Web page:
Perchlorate in Drinking Water

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What is perchlorate? And is it dangerous?

By Susan Goldhaber

This article was originally published on the website of the Toxicology Education Foundation.

Perchlorate is an inorganic ion containing one chlorine atom bound to four oxygen atoms in a tetrahedral configuration. Perchlorate does not exist on its own; it must be bound to other chemicals, such as ammonia, magnesium, and potassium. Perchlorate can form naturally in the air and is found at low levels in rain or snow. It is found naturally at high levels in certain rock and mineral deposits across the world, and is especially prevalent in deserts. Perchlorate is also manufactured for use as an oxidizer in solid fuels to power rockets, missiles, and fireworks.

HEALTH EFFECTS

The major effect of perchlorate is on the thyroid gland. The thyroid is responsible for making hormones that play a role in controlling the a variety of the bodies essential processes, including?protein,?fat, and carbohydrate metabolism as well as how cells use energetic compounds. Iodine is a critical component of these hormones and perchlorate competitively inhibits the transport of iodide into the thyroid. Disruption of normal thyroid hormone levels from excessive perchlorate exposure can therefore have important health consequences.

ENVIRONMENTAL CONTAMINATION

Perchlorate has been found in lakes, rivers, and groundwater wells across the U.S, in part due to its natural occurrence, but also due to its industrial uses.? In 1997, a new method to measure perchlorate in water was developed that allowed the measurement of much lower levels of perchlorate in water (approximately 1 microgram (μg)/liter (L) of water, which is equal to one part of perchlorate per billion parts of water (1 ppb)). Perchlorate has been found in approximately 4% of over 3,800 public water systems across the U.S., with perchlorate levels ranging from 4 μg/L to 420 μg/L.

DRINKING WATER REGULATORY PROCESS

The EPA, under the Safe Drinking Water Act (SDWA, 104th?Congress, 1996), may issue legally enforceable standards for contaminants in drinking water. EPA has regulations for approximately 90 drinking water contaminants.

When considering whether to regulate a drinking water contaminant, EPA must consider the following three criteria:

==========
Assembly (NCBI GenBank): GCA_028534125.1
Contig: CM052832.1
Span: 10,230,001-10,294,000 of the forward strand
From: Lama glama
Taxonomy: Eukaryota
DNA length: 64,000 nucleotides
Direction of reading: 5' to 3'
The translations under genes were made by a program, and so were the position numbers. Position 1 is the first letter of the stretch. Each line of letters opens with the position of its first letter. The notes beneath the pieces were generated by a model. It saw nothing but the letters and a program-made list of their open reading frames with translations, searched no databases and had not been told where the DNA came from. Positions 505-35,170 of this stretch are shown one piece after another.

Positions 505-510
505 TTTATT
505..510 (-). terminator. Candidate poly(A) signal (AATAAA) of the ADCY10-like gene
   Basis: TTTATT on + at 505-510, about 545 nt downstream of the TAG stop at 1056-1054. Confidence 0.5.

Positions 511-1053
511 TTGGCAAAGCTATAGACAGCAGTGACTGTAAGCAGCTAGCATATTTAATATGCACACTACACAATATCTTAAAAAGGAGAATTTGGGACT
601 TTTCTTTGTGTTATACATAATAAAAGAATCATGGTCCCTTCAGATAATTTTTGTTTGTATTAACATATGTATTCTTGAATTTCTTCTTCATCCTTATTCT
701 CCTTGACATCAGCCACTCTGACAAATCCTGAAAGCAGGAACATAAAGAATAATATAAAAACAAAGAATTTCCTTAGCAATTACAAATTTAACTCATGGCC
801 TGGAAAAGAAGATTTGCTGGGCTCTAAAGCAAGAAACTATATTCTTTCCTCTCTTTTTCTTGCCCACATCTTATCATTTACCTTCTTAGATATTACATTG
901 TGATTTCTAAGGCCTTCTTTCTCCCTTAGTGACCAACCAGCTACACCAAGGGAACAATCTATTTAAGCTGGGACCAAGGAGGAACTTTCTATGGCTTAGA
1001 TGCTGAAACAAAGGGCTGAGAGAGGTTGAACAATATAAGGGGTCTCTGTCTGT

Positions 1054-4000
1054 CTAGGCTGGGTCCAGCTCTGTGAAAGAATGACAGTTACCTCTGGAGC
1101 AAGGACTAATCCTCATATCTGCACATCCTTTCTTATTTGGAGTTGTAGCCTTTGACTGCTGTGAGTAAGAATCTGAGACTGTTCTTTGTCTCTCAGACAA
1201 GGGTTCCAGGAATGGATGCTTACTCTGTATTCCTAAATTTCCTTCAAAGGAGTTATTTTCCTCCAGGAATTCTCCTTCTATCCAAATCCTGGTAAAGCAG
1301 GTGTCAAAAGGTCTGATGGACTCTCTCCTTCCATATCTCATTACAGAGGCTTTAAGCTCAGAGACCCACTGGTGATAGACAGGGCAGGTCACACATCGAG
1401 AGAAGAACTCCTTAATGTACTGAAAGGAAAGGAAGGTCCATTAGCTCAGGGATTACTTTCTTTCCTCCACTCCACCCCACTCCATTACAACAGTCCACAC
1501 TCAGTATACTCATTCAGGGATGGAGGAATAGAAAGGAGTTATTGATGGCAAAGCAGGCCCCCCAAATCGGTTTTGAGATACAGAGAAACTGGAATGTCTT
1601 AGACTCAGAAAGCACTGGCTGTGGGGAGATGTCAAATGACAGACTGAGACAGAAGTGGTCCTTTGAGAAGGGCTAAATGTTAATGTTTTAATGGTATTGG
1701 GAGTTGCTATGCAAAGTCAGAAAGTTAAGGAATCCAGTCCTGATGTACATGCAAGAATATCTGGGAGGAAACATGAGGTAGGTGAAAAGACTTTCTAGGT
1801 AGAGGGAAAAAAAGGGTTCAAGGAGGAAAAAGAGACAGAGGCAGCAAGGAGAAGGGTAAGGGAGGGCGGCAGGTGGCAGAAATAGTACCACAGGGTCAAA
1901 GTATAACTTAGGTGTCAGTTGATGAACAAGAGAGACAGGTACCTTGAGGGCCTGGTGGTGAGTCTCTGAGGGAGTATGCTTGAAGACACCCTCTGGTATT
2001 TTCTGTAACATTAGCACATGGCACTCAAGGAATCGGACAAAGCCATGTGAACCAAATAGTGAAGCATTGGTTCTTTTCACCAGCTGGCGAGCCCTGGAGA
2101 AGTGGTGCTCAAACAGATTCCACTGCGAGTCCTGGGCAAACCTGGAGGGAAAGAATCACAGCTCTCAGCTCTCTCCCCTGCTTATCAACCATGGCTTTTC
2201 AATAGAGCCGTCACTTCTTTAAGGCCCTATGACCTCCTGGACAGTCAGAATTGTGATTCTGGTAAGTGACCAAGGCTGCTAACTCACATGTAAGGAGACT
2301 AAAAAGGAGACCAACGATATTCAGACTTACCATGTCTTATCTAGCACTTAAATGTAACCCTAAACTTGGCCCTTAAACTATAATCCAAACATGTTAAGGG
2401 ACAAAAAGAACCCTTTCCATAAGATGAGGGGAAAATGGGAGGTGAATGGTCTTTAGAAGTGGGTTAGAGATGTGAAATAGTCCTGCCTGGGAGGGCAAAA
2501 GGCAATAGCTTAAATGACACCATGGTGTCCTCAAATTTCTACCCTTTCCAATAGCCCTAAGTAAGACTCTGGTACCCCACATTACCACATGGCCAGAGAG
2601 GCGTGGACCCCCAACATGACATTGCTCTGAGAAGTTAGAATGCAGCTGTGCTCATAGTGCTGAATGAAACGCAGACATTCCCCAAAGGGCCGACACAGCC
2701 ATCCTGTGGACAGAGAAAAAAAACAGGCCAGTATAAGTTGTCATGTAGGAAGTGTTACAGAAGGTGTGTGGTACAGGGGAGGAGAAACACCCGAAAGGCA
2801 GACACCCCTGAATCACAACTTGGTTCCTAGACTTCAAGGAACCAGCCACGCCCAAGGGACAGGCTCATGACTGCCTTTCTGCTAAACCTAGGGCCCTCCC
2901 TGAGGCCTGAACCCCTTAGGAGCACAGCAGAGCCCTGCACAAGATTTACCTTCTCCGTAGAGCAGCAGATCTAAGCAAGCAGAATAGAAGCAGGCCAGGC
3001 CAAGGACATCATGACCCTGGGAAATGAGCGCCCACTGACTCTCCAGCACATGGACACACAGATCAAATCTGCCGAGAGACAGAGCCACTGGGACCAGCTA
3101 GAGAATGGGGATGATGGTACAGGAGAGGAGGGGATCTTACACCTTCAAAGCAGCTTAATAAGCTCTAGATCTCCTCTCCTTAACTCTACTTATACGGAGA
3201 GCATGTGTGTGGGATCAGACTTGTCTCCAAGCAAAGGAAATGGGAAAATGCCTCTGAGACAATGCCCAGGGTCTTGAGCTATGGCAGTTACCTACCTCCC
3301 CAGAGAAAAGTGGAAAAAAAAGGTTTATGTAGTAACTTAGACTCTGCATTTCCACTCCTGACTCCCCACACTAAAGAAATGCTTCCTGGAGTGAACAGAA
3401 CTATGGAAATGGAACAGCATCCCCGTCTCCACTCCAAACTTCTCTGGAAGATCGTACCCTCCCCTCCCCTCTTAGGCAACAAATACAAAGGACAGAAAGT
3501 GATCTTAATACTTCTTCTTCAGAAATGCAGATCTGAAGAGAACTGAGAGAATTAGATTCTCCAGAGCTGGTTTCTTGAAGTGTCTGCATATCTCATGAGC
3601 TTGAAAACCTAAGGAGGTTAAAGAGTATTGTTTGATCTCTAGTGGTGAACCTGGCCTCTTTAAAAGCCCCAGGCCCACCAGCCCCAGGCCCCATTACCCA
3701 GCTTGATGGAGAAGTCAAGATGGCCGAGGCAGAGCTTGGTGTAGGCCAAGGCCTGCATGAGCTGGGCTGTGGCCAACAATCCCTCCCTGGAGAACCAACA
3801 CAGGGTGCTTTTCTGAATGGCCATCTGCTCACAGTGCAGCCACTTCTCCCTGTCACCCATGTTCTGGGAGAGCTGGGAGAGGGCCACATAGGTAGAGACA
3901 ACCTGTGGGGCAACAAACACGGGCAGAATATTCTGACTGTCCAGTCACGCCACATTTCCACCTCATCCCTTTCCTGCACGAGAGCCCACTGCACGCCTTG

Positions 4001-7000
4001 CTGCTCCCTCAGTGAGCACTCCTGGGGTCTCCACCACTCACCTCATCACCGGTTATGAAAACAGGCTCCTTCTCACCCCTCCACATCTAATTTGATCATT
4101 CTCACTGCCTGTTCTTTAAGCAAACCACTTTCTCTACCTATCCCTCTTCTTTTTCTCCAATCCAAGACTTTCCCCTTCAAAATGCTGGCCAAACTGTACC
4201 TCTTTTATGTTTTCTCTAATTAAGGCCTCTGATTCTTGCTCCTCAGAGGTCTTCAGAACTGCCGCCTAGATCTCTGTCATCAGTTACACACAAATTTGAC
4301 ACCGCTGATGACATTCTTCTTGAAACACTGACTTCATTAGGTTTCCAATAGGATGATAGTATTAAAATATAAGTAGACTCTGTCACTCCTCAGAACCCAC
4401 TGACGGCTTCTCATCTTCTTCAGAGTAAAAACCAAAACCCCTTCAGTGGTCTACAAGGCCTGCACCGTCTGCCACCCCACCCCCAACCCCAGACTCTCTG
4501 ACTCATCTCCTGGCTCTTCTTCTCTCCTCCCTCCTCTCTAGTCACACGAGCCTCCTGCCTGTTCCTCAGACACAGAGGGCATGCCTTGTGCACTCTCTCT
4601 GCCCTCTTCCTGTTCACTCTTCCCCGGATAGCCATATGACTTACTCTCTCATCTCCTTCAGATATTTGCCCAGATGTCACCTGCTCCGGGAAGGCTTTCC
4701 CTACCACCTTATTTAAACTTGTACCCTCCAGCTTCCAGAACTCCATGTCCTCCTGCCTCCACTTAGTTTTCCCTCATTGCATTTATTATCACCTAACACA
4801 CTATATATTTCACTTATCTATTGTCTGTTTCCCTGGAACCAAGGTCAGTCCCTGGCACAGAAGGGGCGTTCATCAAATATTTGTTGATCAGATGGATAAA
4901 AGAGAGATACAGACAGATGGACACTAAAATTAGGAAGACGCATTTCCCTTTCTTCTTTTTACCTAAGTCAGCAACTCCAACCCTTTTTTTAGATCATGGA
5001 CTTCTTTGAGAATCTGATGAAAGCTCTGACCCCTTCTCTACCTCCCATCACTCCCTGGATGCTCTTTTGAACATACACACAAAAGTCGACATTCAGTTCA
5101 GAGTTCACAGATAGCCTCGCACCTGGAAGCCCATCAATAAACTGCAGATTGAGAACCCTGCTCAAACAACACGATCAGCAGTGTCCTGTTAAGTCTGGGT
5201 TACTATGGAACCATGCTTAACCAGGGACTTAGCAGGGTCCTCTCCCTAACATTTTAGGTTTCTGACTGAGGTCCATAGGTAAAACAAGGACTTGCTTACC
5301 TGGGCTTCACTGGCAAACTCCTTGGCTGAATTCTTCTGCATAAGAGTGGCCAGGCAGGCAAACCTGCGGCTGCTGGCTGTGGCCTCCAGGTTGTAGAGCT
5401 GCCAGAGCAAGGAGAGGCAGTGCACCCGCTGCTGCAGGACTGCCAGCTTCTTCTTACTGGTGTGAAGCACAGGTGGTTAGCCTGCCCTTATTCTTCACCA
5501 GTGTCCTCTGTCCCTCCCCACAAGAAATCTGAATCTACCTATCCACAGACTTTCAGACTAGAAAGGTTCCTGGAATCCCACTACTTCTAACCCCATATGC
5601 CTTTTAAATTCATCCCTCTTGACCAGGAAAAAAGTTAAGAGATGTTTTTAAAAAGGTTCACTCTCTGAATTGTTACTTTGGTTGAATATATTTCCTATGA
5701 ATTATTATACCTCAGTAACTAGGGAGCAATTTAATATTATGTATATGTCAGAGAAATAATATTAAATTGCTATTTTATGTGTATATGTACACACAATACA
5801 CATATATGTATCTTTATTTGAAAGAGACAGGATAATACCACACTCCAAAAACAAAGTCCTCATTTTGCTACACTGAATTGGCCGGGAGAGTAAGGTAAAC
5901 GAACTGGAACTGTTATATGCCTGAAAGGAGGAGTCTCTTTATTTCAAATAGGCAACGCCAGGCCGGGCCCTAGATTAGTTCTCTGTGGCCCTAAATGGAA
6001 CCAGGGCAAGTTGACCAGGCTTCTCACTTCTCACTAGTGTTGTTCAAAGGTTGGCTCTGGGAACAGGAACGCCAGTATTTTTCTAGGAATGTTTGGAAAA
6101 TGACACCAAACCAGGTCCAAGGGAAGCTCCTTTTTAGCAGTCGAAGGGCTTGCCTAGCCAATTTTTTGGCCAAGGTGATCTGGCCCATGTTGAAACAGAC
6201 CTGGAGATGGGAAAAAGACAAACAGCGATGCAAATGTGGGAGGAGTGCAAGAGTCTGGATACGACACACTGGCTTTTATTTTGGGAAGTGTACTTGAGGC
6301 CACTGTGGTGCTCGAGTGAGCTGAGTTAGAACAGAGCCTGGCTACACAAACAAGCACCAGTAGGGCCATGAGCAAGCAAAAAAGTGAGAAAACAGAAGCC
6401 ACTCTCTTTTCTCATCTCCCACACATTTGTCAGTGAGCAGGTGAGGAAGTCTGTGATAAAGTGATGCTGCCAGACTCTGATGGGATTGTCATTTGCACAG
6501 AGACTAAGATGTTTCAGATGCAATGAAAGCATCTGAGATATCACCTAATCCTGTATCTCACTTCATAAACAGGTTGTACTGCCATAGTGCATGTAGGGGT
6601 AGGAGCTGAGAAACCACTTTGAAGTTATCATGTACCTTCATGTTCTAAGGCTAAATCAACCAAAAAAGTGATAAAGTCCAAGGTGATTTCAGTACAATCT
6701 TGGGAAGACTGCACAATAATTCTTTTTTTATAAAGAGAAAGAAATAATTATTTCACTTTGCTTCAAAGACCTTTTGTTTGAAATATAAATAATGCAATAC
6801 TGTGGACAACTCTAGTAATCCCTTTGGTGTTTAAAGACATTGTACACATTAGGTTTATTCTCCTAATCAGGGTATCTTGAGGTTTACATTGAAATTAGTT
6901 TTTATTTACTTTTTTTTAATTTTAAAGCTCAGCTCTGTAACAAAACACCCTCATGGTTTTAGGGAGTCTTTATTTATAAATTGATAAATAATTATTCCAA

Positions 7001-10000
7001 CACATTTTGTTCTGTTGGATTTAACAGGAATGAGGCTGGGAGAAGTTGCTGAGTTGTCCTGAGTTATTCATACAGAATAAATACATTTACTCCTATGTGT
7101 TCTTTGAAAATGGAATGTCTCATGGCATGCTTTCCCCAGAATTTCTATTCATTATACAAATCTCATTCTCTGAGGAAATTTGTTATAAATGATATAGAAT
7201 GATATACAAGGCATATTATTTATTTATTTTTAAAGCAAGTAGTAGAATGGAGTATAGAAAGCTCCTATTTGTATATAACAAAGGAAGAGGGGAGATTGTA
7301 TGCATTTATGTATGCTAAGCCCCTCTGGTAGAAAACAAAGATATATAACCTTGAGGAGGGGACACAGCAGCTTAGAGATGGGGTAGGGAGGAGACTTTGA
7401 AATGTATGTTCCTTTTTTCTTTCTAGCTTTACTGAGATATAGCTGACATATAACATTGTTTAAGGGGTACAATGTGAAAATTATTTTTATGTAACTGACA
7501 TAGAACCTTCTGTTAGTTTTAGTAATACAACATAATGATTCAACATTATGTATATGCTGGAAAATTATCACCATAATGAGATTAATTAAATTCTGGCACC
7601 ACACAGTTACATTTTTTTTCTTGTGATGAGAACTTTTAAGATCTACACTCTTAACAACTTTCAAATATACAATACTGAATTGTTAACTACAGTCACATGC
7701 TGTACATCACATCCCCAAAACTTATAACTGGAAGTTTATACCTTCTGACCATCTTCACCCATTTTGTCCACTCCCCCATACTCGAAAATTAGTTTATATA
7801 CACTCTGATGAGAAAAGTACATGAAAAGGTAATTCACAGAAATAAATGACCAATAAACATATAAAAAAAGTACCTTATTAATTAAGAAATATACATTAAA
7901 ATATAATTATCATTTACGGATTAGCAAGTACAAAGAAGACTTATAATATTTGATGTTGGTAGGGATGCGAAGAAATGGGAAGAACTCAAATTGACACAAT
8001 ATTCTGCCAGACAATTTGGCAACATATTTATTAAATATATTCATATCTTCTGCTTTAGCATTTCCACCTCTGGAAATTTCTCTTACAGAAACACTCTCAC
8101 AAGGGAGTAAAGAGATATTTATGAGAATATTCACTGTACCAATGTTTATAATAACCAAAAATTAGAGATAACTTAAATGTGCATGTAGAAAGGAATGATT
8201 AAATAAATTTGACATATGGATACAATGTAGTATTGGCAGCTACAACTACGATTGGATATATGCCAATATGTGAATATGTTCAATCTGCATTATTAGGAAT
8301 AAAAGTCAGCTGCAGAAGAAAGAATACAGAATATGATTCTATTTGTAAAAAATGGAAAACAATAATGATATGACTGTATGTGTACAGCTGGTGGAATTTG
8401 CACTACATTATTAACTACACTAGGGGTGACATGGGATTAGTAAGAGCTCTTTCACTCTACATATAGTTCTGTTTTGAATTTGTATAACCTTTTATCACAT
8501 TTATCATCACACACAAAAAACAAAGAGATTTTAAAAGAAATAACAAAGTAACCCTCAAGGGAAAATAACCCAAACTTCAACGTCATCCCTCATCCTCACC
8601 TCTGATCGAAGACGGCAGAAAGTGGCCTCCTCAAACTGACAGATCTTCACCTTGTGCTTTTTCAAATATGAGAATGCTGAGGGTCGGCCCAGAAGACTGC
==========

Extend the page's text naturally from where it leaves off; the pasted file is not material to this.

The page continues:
• The contaminant may have an adverse effect on the health of persons
  • The contaminant is known to occur, or there is a high chance that the contaminant will occur, in public water systems often enough and at levels of public health concern
  • In the sole judgment of the Administrator, regulation of the contaminant presents a meaningful opportunity for health risk reductions for persons served by public water systems.

To regulate a contaminant EPA must first set a maximum contaminant level goal (MCLG). The MCLG is a non-enforceable health goal set at the level at which no known or anticipated health effects will occur. After setting the MCLG, EPA sets the maximum contaminant level (MCL). The MCL is the enforceable drinking water standard that must be set as close to the MCLG as feasible. EPA must factor in the available analytical methods and cost of available treatment technologies in setting the MCL.? MCLGs and MCLs are often the same value, however EPA sets the MCLGs at zero for a chemical where there is evidence it causes cancer and there is no dose below which the chemical is considered safe.

PERCHLORATE REGULATION

Perchlorate in drinking water is not currently regulated by the EPA. EPA made this determination in 2020 after a lengthy process of review, which concluded that a maximum contaminant level goal for perchlorate was 56 μg/L, and that concentrations of perchlorate in drinking water systems throughout the US were not occurring with sufficient frequency to warrant a national rulemaking.? Some of the major actions taken by EPA over the years are: